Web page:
November 18, 2019
Once on a road trip with one of his kids, Gary went inside to pay for gas and emerged to share that the gas station attendant had recently battled cancer, and that he had been invited to her wedding the following spring.
That is how Gary moved through life. He was an extraordinary man who brought empathy and genuine connection to every encounter, with a love for humanity that was both exceedingly simple and profoundly courageous.
One of five brothers in a military family, Gary lived in nine different locations in three countries during his youth. He showed early signs of a deep sense of justice: as the little boy whose heart broke witnessing the agony of war while watching A Farewell to Arms; the older boy whose hand shot up when his church minister asked the congregation who would attend an anti-racism rally; the teenager who fasted for those less fortunate and led student walk-outs; the young man who protested the Vietnam War in Washington DC; and the young parent who insisted that babysitters be paid full minimum wage.
A life of discovery brought him to a kibbutz in Israel, an ashram in India and a life of meditation. He helped create the Middle Road Community, a secular intentional community in the Kootenays, where he raised his family.
Gary worked for many years with the Red Cross, including in Sudan at a time of considerable regional conflict. Moved by a young couple who arrived in Khartoum after a perilous journey from Eritrea, he rallied supporters who sponsored Yoseph and Luel for resettlement to Canada as refugees. Thirty years later, they are prominent elders within Toronto’s flourishing Eritrean community.
Everywhere, Gary formed bonds of friendship and common cause – with complete strangers in theatres, on airplanes or online, through work with community- building organizations like BC’s Northern Health Authority and the Columbia Basin Trust, with warmth and insights at the Amnesty International Canada board table and other nonprofit boardrooms around the world; or at the local coffee shop. He used his considerable organizational skills and experience to mentor and uplift those doing the hard work of building inclusive community.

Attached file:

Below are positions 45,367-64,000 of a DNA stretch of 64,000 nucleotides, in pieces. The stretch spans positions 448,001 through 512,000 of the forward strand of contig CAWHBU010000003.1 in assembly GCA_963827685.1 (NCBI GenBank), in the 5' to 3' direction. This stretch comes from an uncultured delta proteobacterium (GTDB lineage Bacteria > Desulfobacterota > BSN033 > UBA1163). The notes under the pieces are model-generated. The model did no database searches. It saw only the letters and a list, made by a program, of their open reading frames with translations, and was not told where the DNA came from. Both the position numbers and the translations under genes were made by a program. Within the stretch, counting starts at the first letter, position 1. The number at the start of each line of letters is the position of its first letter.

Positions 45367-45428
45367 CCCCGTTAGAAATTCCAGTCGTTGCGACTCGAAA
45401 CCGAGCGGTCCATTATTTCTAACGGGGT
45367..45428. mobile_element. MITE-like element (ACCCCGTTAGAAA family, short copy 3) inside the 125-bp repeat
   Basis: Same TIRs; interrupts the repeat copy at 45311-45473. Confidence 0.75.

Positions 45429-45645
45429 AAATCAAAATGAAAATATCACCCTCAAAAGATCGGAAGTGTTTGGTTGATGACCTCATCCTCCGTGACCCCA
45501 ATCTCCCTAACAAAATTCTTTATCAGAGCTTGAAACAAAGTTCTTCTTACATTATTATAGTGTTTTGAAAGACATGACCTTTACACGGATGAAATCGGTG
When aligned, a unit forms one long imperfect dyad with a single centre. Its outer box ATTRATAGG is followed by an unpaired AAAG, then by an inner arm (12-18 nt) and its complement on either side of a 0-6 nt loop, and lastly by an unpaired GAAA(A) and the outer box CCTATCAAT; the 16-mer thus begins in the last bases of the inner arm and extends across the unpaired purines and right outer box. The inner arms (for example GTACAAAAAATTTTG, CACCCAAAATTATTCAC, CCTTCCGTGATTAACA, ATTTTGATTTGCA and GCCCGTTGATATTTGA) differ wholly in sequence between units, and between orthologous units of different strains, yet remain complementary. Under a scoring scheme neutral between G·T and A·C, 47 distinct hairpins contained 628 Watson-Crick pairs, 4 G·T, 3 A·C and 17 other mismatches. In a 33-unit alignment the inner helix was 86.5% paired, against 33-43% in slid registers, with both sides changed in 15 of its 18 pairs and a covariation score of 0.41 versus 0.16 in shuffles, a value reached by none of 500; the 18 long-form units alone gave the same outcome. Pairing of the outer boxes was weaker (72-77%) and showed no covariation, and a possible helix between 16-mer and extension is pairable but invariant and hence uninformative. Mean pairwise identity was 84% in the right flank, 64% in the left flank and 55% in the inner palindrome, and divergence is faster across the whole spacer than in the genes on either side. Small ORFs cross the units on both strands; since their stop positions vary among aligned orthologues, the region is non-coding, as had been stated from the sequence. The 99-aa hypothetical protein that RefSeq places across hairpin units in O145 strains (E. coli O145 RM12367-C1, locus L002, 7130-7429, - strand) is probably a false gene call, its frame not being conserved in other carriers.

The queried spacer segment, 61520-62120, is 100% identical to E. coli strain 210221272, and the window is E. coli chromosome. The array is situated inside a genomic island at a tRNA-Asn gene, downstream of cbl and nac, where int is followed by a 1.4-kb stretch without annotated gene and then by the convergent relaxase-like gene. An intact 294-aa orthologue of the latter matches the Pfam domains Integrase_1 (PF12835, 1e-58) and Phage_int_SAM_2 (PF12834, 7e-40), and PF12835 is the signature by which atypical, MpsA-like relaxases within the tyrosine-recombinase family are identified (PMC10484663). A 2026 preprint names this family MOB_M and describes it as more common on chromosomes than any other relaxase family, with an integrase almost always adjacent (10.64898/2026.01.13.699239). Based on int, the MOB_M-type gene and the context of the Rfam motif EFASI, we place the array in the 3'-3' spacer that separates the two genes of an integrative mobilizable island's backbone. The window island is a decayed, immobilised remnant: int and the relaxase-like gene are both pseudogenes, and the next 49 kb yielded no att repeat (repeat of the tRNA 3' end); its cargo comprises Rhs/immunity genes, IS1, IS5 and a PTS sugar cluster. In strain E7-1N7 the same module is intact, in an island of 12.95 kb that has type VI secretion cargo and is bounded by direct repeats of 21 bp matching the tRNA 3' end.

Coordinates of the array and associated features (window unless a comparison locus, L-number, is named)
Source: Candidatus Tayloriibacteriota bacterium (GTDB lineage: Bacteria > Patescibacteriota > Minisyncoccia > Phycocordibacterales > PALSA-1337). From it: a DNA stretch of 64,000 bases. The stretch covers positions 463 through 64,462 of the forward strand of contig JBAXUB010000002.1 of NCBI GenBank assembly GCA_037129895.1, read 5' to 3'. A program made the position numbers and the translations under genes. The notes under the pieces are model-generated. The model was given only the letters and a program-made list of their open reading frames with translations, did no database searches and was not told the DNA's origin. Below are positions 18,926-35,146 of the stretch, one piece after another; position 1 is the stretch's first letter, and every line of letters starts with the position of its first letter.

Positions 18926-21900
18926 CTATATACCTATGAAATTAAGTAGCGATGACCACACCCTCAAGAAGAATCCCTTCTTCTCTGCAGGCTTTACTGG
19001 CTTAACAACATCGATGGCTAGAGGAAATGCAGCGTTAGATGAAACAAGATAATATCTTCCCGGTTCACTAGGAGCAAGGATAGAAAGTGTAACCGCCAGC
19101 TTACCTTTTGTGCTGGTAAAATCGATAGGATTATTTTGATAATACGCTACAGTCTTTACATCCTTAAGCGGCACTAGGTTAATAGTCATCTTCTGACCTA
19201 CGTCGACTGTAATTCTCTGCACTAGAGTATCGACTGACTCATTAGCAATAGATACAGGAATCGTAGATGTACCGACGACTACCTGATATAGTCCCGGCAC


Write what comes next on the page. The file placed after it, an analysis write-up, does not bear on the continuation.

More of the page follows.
He was also very funny, with an impish sense of humour and a truly perplexing taste for slimy day-old Caesar salad. He loved watching dark Scandinavian murder mysteries, Japanese crime dramas and Survivor.
He felt sorry for himself if he read fewer than 50 books a year and for more than 20 years he organized an annual houseboat trip for himself and his oldest male friends that he affectionately dubbed, “The Shallow Men of the Deep.” Considering his well-developed social grace, Gary was surprisingly clumsy, the top of his head bearing the scars to prove it.
Children learned to write Amnesty International letters at his kitchen table, and he was a passionate roadie, driving his son’s band to gigs throughout the Kootenays. His kids’ friends maintained connections with him into their adulthood, trusting that he was someone who truly valued their perspective and contribution.
Whether rising to the challenges of the #MeToo and #BlackLivesMatter movements, or reconciliation with Indigenous peoples, Gary led through example by letting the world in and allowing it to personally transform him. He reflexively made room for others, especially young and marginalized people.
What mattered most to Gary beyond social justice and human rights for all, were his wonderful children, Zoey and Ryan, and his loving partners, first Neese and then Anna. And his most precious teaching? When we truly open ourselves to sharing life’s journey with others it can shape us in ways we never could have imagined; and change the world.
Gary died a year ago on November 18, 2019, probably from a cardiac arrest caused by an arrythmia. He was 68. A virtual celebration of life will be held on December 19, 2020, at noon (pacific time). Please pre-register for the event at celebrategary.com by December 16 so we can get the Zoom link to you.
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